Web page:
Ask Any Black Person, And They Can Tell You The First Time They Were Called A N*gger

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Ask Any Black Person, And They Can Tell You The First Time They Were Called A N*gger

I was 7.

I was playing at my friend’s house back behind the trailer that we lived in. She was your typical little white girl with blonde hair and blue eyes, and she was my friend. We used to play all the time together. But it hadn’t occurred to me to ask why I never went inside her house. After all, she never came into my house either. We just played in each other’s yards.

One day I was playing with her in her yard, when my mom came over. She said she had to run to the store, and that I was to just keep playing at my friend’s house, and she’d be right back. So of course we played the typical games. We had a bunch of dolls outside, and we were dressing them and acting out skits and laughing and having so much fun.

Then I realized that I needed to go to the bathroom. And I couldn’t go at my house because it was locked and my mom wasn’t home. So I asked my friend if I could use her bathroom. She said she would go inside to ask and be right back. I really had to go bad, and it wasn’t just number one.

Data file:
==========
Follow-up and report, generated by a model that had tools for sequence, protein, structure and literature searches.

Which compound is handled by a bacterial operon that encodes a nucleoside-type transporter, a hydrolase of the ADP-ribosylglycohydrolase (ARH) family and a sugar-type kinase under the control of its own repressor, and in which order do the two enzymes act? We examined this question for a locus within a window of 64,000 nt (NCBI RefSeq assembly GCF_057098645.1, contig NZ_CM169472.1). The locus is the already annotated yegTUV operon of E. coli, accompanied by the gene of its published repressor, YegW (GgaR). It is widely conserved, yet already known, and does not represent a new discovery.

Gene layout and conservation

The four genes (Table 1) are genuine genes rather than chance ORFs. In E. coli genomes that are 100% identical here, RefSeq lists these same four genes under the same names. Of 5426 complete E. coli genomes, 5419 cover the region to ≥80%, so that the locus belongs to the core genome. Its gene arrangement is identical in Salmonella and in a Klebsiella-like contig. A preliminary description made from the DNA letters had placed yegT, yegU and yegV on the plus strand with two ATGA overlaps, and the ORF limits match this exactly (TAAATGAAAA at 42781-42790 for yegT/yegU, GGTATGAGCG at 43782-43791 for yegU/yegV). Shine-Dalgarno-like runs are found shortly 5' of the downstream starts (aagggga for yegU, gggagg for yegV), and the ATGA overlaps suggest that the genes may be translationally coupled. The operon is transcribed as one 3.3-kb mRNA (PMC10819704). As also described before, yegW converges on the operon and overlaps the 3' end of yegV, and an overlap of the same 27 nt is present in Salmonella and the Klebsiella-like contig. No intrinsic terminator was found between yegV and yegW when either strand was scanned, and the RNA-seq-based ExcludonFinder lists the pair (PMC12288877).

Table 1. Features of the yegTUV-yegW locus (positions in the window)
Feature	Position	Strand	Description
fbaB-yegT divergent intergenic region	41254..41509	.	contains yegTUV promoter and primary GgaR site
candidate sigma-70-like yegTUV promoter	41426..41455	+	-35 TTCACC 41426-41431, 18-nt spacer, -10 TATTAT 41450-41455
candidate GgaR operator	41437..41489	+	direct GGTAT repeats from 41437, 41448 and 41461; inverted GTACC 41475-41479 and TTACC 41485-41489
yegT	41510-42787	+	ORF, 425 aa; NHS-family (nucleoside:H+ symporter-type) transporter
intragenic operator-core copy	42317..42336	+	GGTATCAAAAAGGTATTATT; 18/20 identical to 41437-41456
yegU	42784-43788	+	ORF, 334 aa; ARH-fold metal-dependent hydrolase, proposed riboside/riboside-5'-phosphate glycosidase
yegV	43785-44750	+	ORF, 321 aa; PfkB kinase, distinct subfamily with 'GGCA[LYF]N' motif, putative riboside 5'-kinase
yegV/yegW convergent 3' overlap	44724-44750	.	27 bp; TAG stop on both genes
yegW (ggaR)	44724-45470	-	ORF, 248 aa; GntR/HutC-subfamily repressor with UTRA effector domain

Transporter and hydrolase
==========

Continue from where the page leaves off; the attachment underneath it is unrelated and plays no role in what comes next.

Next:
She came back outside and closed the door. I noticed that she had a roll of toilet paper in her hand. She said to me, “My mom said that you can’t use our bathroom because we don’t allow niggers in our house. She said you can go outside.”

I was 7. Up until then, I had never encountered racism, at least not that I was aware of. I was so embarrassed and so hurt. But I didn’t cry.

At least I didn’t cry.

I didn’t have a choice. I had to go to the bathroom really bad, and I couldn’t hold it. So I took the toilet paper, and I found a bush by their house.

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I remember squatting in the bushes, and as I went to the bathroom, I was still in shock about what I was made to do. I was 7, but I knew exactly what was happening, and I knew I had to tell my mom. So I finished going to the bathroom, and I pulled up my shorts, and I walked out of the bushes.

I handed her the toilet paper, and I went home. I sat on the stairs of our trailer, and I waited for my mom. When she got home, I told her what happened. She didn’t say anything, but her face told me everything. She was so furious. Mind you, this was the 1970s, not even a decade after the Civil Rights Movement. I don’t know if my mom ever said anything to them, but I never played with her again.

Who does this to a 7-year-old child? I remember this like it happened yesterday, and when I revisit it, it still breaks my heart.

That was the day that I lost my innocence.

That was the day I understood what it meant to have black skin.

That was the day that I knew my black skin was a threat to white people.

That was the day that I started to fight.